Psalm 44:16
For the voice of him that reproacheth and blasphemeth; by reason of the enemy and avenger.
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44:9-16 The believer must have times of temptation, affliction, and discouragement; the church must have seasons of persecution. At such times the people of God will be ready to fear that he has cast them off, and that his name and truth will be dishonoured. But they should look above the instruments of their trouble, to God, well knowing that their worst enemies have no power against them, but what is permitted from above.For the voice of him ... - That is, Because I hear the voice of him that reproaches and blasphemes. The word rendered blasphemeth, means properly to use cutting words; then, to reproach or revile. It may be applied either to people or to God. In the former case, it means reproach or reviling; in the latter, blasphemy in the usual sense of that term, denoting reproachful words concerning God. The word may be used here in both these senses, as it is evident that not only were the people the subject of reproach, but that God was also.

By reason of the enemy - That is, the foreign enemies, or those who had invaded the land.

And avenger - Of him who had come to take vengeance. Here the word refers to the foreign enemies of the nation, and to the spirit by which they were actuated; their purposes to avenge themselves of what they regarded as wrongs, or take vengeance on a nation which they had long hated. Compare the notes at Psalm 8:2.

16. Its cause, the taunts and presence of malignant enemies (Ps 8:2). That reproacheth and blasphemeth; that doth not only reproach me, which I could better bear; but blaspheme God and our religion for our sakes, which is intolerable to me.

The enemy and avenger; who executeth both God’s and his own vengeance upon me, persecuting me with a despiteful hatred, and with great cruelty.

For the voice, of him that reproacheth and blasphemeth,.... That is, antichrist, to whom a mouth speaking blasphemies has been given, and which he has opened in blasphemy against God, attributing that to himself which belongs to God; blaspheming his name, his tabernacle, and them that well in heaven; see Revelation 13:5;

by reason of the enemy and avenger; which are very proper characters of antichrist, who is the enemy of Christ and of his people, and breathes out vengeance against them; as the same titles are also given to the Scribes and Pharisees, the implacable enemies of Christ, Psalm 8:2.

For the voice of him that reproacheth and blasphemeth; by reason of the enemy and {n} avenger.

(n) Meaning, the proud and cruel tyrant.

16. For the voice of him that reproacheth and blasphemeth] The word reproach is frequently used of a heathen enemy’s scornful defiance or mocking derision of Israel and Israelites, and by consequence of Israel’s God, as though He were unable or unwilling to defend His people (Psalm 42:10; Psalm 74:10; Psalm 74:18; Psalm 74:22; Psalm 79:4; Psalm 79:12; 1 Samuel 17:10 ff.); but the two words are found in combination elsewhere only of Sennacherib’s blasphemous defiance (Isaiah 37:6; Isaiah 37:23 = 2 Kings 19:6; 2 Kings 19:22).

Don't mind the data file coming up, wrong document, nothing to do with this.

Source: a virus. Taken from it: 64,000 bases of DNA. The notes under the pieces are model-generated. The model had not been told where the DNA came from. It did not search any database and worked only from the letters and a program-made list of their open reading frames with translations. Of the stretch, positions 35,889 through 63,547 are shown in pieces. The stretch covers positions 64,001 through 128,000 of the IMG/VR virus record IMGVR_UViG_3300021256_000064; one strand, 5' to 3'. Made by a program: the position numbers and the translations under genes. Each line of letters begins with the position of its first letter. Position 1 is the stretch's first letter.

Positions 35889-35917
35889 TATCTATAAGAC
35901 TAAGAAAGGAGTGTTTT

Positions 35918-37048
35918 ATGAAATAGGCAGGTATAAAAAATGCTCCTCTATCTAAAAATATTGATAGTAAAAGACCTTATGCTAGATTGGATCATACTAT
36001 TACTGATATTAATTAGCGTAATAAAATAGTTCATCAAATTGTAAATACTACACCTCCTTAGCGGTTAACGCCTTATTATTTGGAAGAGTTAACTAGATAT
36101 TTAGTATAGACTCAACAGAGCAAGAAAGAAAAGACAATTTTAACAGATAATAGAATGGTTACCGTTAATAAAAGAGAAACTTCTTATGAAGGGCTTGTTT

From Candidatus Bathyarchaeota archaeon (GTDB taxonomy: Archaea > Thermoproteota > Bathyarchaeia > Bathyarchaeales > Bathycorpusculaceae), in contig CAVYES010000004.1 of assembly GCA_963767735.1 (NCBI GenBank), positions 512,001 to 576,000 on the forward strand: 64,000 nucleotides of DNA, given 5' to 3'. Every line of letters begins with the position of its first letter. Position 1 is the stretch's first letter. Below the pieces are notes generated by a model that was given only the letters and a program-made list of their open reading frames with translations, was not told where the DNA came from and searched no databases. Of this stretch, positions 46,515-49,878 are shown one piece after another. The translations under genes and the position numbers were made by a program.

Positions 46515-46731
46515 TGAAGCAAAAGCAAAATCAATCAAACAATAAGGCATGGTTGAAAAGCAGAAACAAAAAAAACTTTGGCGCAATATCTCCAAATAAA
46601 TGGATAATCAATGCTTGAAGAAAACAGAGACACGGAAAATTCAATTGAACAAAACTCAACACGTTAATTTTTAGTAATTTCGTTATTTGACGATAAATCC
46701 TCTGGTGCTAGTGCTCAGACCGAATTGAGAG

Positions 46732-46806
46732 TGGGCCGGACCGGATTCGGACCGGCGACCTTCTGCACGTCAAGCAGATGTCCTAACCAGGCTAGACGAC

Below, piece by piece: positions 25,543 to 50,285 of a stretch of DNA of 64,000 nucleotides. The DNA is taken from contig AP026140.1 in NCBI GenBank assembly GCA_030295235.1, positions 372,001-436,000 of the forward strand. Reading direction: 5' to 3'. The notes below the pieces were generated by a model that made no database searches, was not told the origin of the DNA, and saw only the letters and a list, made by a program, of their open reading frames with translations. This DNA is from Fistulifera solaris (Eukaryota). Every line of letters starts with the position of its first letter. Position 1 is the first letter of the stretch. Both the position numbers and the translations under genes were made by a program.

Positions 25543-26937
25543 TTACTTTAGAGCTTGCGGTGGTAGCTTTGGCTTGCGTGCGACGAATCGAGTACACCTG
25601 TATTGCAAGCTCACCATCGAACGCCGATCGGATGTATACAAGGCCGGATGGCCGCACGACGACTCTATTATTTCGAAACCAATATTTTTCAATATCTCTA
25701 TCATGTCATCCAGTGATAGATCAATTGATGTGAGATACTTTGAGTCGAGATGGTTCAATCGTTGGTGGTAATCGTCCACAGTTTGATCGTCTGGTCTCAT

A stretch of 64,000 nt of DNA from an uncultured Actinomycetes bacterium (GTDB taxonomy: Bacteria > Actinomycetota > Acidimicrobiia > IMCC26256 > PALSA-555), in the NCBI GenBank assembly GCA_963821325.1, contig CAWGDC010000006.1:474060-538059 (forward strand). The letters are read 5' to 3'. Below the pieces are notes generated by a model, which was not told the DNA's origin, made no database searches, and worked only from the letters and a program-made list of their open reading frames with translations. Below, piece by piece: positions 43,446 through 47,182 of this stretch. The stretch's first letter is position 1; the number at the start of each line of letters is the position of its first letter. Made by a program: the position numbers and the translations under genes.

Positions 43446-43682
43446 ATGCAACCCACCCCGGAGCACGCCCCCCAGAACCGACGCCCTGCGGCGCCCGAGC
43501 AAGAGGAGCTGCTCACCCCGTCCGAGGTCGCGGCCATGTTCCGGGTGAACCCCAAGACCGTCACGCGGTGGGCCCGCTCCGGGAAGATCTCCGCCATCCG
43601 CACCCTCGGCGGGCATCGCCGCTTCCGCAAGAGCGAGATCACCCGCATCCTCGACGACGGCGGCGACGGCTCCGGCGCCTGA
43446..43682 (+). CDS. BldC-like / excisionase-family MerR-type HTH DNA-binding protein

by reason of] Render for the looks of, or, for the presence of, as a better parallelism to for the voice of. Isaiah alludes to the terror inspired by the grim looks of the Assyrian invaders (Psalm 33:19); and for voice cp. Isaiah 37:23; Nahum 2:13.

the enemy and the avenger] Cp. Psalm 8:2. The Heb. word for avenger suggests the idea of one who is taking a selfish vengeance, usurping, in his own interests, a function which belongs to God alone (Deuteronomy 32:35).

Verse 16. - For the voice of him that re-proacheth and blasphemeth. The reproaches of the heathen were most commonly "blasphemies," since they consisted very mainly of contemptuous expressions against the God of Israel (see the comment on ver. 13; and comp. Isaiah 37:3, 23). By reason of the enemy and avenger. The persons by whom the blasphemous reproaches were uttered - Israel's enemies bent on avenging former losses and defeats. Psalm 44:16(Heb.: 44:14-17) To this defeat is now also added the shame that springs out of it. A distinction is made between the neighbouring nations, or those countries lying immediately round about Israel (סביבות, as in the exactly similar passage Psalm 79:4, cf. Psalm 80:7, which closely resembles it), and the nations of the earth that dwell farther away from Israel. משׁל is here a jesting, taunting proverb, and one that holds Israel up as an example of a nation undergoing chastisement (vid., Habakkuk 2:6). The shaking of the head is, as in Psalm 22:8, a gesture of malicious astonishment. In נגדּי תּמיד (as in Psalm 38:18) we have both the permanent aspect or look and the perpetual consciousness. Instead of "shame covers my face," the expression is "the shame of my face covers me," i.e., it has overwhelmed my entire inward and outward being (cf. concerning the radical notions of בּושׁ, Psalm 6:11, and חפר, Psalm 34:6). The juxtaposition of "enemy and revengeful man" has its origin in Psalm 8:3. In Psalm 44:17 מקּול and מפּני alternate; the former is used of the impression made by the jeering voice, the other of the impression produced by the enraged mien.
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